Medical Content Created by the Faculty of the
Harvard Medical School
Doctors have used x-rays for over a century to see inside the body in order to diagnose a variety of problems, including cancer, fractures, and pneumonia. During this test, you usually stand in front of a photographic plate while a machine sends x-rays, a type of radiation, through your body. Originally, a photograph of internal structures was produced on film; nowadays, the image created by the x-rays goes directly into a computer. Dense structures, such as bone, appear white on the x-ray films because they absorb many of the x-ray beams and block them from reaching the plate. Hollow body parts, such as lungs, appear dark because x-rays pass through them.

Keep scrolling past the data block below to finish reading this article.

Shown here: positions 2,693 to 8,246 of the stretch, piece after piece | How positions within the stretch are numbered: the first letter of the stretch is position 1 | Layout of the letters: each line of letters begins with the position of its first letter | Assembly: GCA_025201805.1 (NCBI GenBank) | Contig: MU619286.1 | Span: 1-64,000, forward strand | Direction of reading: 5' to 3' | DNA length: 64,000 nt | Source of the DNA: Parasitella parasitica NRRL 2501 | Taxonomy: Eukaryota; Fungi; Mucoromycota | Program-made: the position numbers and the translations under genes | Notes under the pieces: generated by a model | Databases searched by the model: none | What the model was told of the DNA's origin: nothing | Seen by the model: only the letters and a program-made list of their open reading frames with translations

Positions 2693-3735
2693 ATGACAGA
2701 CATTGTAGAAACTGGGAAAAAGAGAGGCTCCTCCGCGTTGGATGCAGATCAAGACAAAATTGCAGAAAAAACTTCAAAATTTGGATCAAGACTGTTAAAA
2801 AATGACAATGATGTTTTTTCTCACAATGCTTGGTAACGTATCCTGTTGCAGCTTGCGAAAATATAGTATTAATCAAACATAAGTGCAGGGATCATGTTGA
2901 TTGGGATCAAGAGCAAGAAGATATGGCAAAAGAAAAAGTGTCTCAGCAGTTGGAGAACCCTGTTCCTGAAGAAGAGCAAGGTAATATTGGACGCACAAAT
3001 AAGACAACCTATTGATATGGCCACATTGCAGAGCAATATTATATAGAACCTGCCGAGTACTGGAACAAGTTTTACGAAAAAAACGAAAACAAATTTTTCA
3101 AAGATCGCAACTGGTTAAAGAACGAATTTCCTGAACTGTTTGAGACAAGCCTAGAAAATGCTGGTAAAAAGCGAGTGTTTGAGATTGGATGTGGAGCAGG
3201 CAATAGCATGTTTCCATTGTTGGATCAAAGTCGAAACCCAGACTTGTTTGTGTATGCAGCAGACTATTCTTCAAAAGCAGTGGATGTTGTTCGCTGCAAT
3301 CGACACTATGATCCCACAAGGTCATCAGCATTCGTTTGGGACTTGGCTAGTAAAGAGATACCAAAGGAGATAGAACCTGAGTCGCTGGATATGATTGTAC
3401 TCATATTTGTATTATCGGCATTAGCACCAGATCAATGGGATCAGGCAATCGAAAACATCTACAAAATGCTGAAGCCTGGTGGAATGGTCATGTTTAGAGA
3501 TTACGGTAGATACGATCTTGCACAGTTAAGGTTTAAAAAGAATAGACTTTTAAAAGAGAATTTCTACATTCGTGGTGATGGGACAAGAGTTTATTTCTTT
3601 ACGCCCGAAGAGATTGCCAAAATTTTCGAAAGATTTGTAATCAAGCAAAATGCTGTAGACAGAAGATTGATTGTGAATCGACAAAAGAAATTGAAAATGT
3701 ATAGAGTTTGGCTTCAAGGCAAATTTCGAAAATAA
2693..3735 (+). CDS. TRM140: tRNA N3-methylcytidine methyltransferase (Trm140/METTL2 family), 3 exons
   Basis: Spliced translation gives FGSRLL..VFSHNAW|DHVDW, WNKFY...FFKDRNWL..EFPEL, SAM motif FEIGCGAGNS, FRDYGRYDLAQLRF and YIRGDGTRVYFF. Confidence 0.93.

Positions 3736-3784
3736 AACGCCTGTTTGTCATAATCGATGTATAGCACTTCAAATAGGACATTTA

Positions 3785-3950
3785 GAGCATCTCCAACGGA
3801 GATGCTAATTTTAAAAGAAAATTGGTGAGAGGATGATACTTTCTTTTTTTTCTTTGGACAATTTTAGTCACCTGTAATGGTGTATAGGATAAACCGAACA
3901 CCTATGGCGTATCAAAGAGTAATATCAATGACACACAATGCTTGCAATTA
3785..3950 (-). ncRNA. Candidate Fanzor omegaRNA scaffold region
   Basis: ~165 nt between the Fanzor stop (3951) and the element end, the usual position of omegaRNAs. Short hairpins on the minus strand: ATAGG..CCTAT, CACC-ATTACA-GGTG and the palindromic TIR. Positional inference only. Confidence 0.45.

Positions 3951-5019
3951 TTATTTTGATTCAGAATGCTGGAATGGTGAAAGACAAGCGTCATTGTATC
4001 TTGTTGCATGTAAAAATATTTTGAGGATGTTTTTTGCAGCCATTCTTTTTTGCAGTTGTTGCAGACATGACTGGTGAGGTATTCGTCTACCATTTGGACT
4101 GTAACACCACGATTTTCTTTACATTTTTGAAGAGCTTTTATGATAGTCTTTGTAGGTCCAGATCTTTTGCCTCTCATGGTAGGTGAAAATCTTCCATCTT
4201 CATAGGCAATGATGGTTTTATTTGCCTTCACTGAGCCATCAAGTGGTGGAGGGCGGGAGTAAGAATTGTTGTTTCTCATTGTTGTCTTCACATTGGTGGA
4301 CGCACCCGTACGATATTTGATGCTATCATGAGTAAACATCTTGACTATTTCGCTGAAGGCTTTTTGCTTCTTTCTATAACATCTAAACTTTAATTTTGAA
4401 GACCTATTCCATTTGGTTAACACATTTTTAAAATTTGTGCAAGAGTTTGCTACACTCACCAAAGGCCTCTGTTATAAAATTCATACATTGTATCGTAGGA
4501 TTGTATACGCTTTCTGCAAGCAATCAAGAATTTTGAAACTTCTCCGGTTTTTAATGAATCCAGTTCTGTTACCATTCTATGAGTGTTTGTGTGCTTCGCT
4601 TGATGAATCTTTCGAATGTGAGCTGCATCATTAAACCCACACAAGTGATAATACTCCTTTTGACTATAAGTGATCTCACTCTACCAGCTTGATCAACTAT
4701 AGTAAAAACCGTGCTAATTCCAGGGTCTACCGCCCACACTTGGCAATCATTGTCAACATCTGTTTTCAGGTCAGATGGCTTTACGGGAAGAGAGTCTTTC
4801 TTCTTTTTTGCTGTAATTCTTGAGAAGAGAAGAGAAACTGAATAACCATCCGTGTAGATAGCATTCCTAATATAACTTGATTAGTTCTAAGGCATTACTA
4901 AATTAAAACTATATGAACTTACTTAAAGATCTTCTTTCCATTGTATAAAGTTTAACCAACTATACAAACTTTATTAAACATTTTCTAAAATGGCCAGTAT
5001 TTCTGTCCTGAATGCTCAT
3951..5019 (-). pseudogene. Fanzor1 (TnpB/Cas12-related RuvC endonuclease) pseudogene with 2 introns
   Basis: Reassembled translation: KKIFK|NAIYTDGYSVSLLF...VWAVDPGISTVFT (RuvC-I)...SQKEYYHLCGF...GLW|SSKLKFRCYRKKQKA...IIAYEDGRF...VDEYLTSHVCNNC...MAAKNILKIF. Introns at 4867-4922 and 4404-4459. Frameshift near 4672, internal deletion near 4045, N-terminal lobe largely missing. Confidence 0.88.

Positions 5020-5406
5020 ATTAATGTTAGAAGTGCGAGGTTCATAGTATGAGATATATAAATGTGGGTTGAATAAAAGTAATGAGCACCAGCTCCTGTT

Back x-rays and chest x-rays are among the most common conventional x-ray tests. You should not have an x-ray if you're pregnant unless the risk is considered and special precautions are taken, because radiation can be harmful to a developing fetus.
A chest x-ray provides black-and-white images of your lungs, ribs, heart, and diaphragm.